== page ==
Passive Sonar

As an alternative to measurement of vehicle motion using a radar gun, I wanted to build a very low cost system which didn't require illumination of the vehicle either actively with a local source (monostatic radar/sonar) or passively (bistatic radar/sonar).  The acoustic energy generated by the vehicle itself can be used to locate the vehicle by measuring the angular direction of the source of the sound.  This is called passive sonar, very similar to the type of sonar performed on submarines to locate other ships, for example.

Doppler Shift

My first approach was to see if I could measure the Doppler shift of the road noise as a vehicle passes by the sensor, just like a siren on an emergency vehicle displays a shift in pitch as it travels past the listener.  I found out that there is no detectable Doppler shift of the road noise because the primary sources of the noise are not on the vehicle itself, but rather arise from the impact of the tires on the rough surface of the road.  Since the noise is coming from the road which is not moving with respect to the listener, there is no Doppler shift.

Time Correlation

The basic idea behind passive sonar is to use two or more microphones to measure the sound emitted by a moving vehicle and determine the difference in time between the signal arrival at the sensors.

There are existing systems which use time of arrival (TOA) to locate the source of sounds using triangulation geometry.  However in my particular application the time of flight is short and the time differences between microphones will be relatively small compared to the wavelength of the sound.  Rather, this measurement will capture the phase difference of a sound wave measured at two closely spaced microphones.  This is similar to phase interferometry used in radio astronomy and presumably used in some other acoustic-based locating systems.

The basic geometry is shown in Figure 1 where D is the distance from the microphone baseline to the roadway, b is the separation between microphones, x is the lateral position of the vehicle from the center of the microphone array, and θ is the angle between the baseline and the direction to the vehicle.  The distance from the left microphone to the vehicle will be different from the distance from the right microphone to the vehicle by the amount δt ∙ vs where δt is the time delay of the sound signal between the two microphones and vs is the speed of sound.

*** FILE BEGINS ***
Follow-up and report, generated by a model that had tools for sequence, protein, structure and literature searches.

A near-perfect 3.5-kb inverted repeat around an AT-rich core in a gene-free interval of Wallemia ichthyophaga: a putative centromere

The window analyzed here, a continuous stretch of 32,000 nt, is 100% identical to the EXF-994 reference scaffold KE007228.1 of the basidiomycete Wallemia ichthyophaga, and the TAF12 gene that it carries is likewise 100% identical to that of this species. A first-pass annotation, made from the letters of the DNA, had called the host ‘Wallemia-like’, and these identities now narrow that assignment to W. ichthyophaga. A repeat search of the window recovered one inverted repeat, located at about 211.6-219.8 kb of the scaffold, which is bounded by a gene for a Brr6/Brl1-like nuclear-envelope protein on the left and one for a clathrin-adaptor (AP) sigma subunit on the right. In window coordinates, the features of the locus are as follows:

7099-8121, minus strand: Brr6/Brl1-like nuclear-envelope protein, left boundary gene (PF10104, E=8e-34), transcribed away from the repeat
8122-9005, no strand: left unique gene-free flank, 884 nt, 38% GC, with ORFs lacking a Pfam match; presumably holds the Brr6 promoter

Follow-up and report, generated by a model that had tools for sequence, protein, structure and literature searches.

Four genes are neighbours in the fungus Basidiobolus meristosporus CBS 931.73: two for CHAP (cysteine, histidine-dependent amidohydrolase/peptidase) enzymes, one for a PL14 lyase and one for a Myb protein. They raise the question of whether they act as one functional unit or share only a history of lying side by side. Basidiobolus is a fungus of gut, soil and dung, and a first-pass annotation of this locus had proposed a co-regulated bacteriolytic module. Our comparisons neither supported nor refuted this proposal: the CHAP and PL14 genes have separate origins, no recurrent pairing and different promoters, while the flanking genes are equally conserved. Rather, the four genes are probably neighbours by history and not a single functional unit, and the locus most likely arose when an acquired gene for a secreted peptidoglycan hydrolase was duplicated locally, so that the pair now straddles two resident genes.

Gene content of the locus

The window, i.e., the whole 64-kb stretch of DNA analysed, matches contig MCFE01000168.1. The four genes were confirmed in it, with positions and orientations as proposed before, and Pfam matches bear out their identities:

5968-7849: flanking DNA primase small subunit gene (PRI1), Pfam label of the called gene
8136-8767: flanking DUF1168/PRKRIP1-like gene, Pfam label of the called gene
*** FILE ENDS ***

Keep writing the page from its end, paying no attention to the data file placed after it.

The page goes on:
Figure 1 - Basic Geometry

If we assume a plane wave approximation to the sound wave at the microphones, the relationship between the vehicle position, x, and the time delay becomes:

Equation 1

As the vehicle passes the sensor array, the measured time delay will map out a smooth function and, in principle, the vehicle speed can be extracted.


A basic constraint for this project is to keep the cost of hardware as low as possible, so I chose to leverage a Raspberry Pi computer since the linux operating system supports stereo audio natively and USB sound cards with stereo microphone inputs are low cost.  Since the speed of sound is about 343 m/s at room temperature and sea level, if the microphones are spaced 1 meter apart the maximum time delay will be about +/- 3 ms.  Typical audio sample rates are 44.1 kHz or 48kHz which should be sufficient to capture a time difference of 3 ms.

One important consideration in performing this measurement is that both microphones be identical in performance.  So the acoustic response should be as close to matched as is practical, as well as the gain and phase response of the electronic signals.  Some digital microphone systems have internal variable gain control and automatic noise-cancelling features which can disrupt a precise phase delay measurement such as this, so to ensure a stable gain and phase response and also minimize hardware cost I chose to build my own microphone...

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